Though often encouraged to, Linus Pauling never ran for elected office. From the vantage point of his peace work, Pauling believed himself to be a far more effective agent for change when working in an environment that was essentially unencumbered by political considerations. Of at least equal importance was the fact that the time commitments demanded by government service would surely diminish Pauling’s capacity to pursue his first love, scientific inquiry.
For a very brief period however, Pauling certainly did consider running for the highest office in the land — the United States Presidency. Deeply angered by his treatment at the hands of Senator Thomas Dodd and the Senate Internal Security Subcommittee, the frustrated scientist made, as it turned out, a temporary decision to pursue a position in the Oval Office. The three pages of notes that follow were written — as per Pauling’s annotation — on the flight home to southern California following Pauling’s first appearance before the Dodd subcommittee.
Click on the thumbnails below to enlarge each page of this fascinating manuscript.
“I have decided to run for the office of Pres. of the U.S. I cannot bring myself to vote for either the Dem. or the Rep. candidate. I shall vote for myself. I invite people everywhere to help me. I do not care who they are or what they have done in the past, I pro only that they believe in what I state as my beliefs. I promise that I will not reward them in any way. If the satisfaction of having done what they think is right is not enough, I do not want them. One advantage that I have is that I know what the world of 1960 is like. No one can fool me the way Dr. Teller fooled Pres. Eisenhower.“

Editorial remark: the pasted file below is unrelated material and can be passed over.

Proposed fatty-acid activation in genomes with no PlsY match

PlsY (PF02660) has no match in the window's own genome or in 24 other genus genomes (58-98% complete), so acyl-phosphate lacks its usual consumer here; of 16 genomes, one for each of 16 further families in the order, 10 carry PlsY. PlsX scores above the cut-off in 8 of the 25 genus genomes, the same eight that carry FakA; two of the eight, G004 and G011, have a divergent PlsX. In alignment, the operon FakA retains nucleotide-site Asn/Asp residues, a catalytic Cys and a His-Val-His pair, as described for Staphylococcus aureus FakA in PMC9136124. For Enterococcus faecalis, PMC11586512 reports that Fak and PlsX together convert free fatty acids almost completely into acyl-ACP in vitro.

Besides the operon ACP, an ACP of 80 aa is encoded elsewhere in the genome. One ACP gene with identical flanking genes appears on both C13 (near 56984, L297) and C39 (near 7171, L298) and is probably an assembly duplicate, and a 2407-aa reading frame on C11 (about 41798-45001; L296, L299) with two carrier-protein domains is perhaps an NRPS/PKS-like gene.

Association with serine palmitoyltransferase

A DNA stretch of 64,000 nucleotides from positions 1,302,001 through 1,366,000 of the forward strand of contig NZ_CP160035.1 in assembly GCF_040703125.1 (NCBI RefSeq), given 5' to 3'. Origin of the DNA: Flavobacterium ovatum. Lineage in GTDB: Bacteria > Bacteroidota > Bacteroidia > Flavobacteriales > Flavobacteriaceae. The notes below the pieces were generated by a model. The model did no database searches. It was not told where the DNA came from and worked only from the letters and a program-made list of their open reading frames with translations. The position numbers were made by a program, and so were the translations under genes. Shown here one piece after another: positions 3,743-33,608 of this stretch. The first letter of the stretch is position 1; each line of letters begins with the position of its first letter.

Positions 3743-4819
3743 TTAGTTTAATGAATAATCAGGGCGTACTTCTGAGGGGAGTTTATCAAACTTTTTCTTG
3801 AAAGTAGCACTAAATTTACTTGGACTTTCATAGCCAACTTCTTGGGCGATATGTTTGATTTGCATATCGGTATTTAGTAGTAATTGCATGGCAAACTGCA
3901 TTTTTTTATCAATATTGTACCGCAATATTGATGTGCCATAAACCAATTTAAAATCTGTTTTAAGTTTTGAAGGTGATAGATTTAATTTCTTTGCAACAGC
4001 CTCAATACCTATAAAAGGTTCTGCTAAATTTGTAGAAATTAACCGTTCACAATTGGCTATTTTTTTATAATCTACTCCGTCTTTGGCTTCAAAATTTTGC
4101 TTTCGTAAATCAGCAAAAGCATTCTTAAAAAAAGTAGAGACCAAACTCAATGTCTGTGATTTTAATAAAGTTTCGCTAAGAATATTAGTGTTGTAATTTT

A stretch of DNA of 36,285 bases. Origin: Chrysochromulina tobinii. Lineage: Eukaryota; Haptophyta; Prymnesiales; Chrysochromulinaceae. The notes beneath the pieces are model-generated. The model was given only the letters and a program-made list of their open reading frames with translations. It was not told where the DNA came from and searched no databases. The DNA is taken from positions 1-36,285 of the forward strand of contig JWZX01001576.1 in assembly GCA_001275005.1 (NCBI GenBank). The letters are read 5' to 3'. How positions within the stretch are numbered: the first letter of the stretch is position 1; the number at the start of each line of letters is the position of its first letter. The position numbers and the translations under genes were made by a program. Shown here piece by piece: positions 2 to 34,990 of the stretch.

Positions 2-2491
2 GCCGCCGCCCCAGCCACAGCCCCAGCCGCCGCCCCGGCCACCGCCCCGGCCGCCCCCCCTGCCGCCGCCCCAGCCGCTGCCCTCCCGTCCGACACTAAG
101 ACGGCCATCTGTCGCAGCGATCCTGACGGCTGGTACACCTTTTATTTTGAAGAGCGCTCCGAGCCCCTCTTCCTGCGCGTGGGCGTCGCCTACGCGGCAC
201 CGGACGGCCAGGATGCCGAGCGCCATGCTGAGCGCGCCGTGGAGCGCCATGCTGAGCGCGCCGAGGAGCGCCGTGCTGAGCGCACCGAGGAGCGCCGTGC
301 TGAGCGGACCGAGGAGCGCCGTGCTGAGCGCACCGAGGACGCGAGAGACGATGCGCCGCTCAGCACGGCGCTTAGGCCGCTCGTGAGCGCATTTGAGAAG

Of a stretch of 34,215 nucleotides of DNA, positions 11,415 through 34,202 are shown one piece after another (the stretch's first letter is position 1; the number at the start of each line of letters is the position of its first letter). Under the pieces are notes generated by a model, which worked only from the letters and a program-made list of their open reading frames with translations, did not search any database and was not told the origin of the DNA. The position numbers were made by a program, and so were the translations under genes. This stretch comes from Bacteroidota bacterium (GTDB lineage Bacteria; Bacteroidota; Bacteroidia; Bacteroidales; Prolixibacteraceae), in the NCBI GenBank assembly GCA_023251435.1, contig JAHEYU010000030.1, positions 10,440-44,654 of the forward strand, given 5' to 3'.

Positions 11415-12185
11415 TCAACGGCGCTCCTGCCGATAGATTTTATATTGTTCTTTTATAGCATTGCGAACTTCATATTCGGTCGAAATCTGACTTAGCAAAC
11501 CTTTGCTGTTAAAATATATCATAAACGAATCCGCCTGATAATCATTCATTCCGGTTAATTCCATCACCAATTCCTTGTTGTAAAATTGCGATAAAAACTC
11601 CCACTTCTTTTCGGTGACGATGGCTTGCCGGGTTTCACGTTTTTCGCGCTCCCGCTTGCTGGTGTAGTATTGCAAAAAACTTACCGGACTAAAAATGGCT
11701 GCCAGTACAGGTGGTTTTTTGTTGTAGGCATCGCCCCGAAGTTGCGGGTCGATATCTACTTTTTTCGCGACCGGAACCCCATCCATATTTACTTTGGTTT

“[Tangential Notes: We need a law that no former FBI agents should be elected to Congress. Perhaps only professors. I am shocked with the revelation that has come to me of the quality, caliber, nature of our Senators. Respect – ] It is not necessary that the Pres. be a vassal of the Rep. party or the Dem. party. I shall be the servant only of the people of the U.S. – and only then if they are unselfish.“
“I have held no office. The presidency differs so much from other offices that this is not important. I can think – I shall get good advice – but I will make the decisions. We need leadership unhampered by politics. Pres. Eisen was unhampered but he did not grasp his opportunity.“
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